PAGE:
General Motors, the nation's biggest automaker, is teaming up with construction giant Bechtel to build thousands of chargers around the U.S. with the aim of promoting adoption of electric cars.
The companies will form a joint venture to build the chargers in which Bechtel will provide its expertise in construction and permitting and GM will provide data from its cars and drivers about the best sites to install those chargers.
Executives from the two companies said the chargers won't just be located along interstates to enable long-distance travel but will be sited in underserved and urban areas. The chargers will comply with SAE and IEEE standards, so will be available for EVs from any automaker to use.
Mike Ableson, GM's vice president to EV infrastructure and charging, told CNN, "The way we think about it, we want to put chargers where they're going to have the greatest influence on EV adoption wherever that may be."
GM has vast data about where drivers of its Chevrolet Volt and Bolt have charged over the years though the company's OnStar system, and in the case of the Volt where the cars have run out of battery power.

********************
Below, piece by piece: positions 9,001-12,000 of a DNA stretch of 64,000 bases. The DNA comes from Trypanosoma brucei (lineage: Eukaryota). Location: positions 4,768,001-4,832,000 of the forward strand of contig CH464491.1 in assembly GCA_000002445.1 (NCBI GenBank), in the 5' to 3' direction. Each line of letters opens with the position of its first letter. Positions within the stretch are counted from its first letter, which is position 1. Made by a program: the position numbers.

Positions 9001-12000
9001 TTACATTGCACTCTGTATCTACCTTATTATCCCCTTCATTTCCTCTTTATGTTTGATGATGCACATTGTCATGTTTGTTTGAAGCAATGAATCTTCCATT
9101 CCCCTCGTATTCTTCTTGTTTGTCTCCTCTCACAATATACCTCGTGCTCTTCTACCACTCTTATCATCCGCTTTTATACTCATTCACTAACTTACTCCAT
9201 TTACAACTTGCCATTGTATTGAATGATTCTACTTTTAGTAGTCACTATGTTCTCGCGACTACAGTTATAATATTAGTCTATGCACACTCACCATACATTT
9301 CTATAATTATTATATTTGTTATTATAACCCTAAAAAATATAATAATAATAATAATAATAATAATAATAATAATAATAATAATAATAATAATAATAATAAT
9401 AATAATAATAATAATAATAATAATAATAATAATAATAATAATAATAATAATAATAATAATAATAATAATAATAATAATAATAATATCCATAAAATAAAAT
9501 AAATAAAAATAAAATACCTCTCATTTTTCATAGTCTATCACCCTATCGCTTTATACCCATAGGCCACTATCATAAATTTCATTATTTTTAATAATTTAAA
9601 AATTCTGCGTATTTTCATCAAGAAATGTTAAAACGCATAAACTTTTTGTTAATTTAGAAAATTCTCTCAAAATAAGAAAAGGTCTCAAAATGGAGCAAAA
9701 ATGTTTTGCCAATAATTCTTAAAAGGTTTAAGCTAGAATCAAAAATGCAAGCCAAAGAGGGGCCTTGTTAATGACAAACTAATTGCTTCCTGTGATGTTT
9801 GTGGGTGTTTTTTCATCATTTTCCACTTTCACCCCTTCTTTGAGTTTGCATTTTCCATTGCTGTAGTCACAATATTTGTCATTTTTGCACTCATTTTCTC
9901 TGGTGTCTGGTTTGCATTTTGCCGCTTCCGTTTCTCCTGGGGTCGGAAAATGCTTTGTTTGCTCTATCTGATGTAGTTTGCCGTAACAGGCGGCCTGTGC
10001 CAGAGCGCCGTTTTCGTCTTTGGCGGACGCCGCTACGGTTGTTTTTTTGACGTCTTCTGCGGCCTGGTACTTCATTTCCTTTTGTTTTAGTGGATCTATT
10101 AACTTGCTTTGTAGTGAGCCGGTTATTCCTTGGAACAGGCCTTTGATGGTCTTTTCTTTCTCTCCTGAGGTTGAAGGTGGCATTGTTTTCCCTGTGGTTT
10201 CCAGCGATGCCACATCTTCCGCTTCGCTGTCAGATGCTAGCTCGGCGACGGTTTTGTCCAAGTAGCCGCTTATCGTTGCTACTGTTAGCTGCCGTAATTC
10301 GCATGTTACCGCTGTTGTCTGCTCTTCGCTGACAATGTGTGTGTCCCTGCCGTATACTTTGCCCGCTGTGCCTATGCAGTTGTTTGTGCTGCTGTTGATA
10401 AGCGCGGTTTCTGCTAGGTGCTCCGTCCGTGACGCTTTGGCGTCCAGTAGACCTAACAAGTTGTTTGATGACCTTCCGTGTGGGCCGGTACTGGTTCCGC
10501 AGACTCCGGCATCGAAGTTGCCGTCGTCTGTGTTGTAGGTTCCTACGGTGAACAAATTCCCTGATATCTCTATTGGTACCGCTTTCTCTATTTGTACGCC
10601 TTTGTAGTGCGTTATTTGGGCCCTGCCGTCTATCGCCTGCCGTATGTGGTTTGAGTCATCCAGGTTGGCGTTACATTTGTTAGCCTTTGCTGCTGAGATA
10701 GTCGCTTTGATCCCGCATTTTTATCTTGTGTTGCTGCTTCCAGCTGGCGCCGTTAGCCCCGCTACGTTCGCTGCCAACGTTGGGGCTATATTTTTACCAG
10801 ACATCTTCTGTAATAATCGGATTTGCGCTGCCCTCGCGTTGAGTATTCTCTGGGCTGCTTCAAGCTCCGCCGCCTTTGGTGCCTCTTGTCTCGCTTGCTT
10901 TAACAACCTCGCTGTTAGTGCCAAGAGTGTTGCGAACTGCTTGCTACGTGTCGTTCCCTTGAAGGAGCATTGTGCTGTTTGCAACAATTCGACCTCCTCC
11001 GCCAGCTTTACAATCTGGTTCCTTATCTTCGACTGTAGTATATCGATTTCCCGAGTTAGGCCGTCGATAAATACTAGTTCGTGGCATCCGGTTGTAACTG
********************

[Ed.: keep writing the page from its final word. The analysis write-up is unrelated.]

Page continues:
Urban areas, where lots of residents live in apartments and condominiums, generally have seen fewer electric car sales, because it is more difficult for those drivers to charge up at home and there are fewer public fast chargers.
GM spokeswoman Megan Soule confirmed the plans to Green Car Reports, but said the company had no more specific announcement about timing, types or number of chargers, or branding "at this early stage." It's however looking to team up with an operating network and aiming to create a "a national-scale network with thousands of fast-chargers."
CEO Mary Barra has announced plans to convert the automaker's fleet into all electric cars at some undefined future date, and the company plans to release a new electric SUV based on the Chevy Bolt EV the next two years, followed by a new electric-car platform for Cadillac.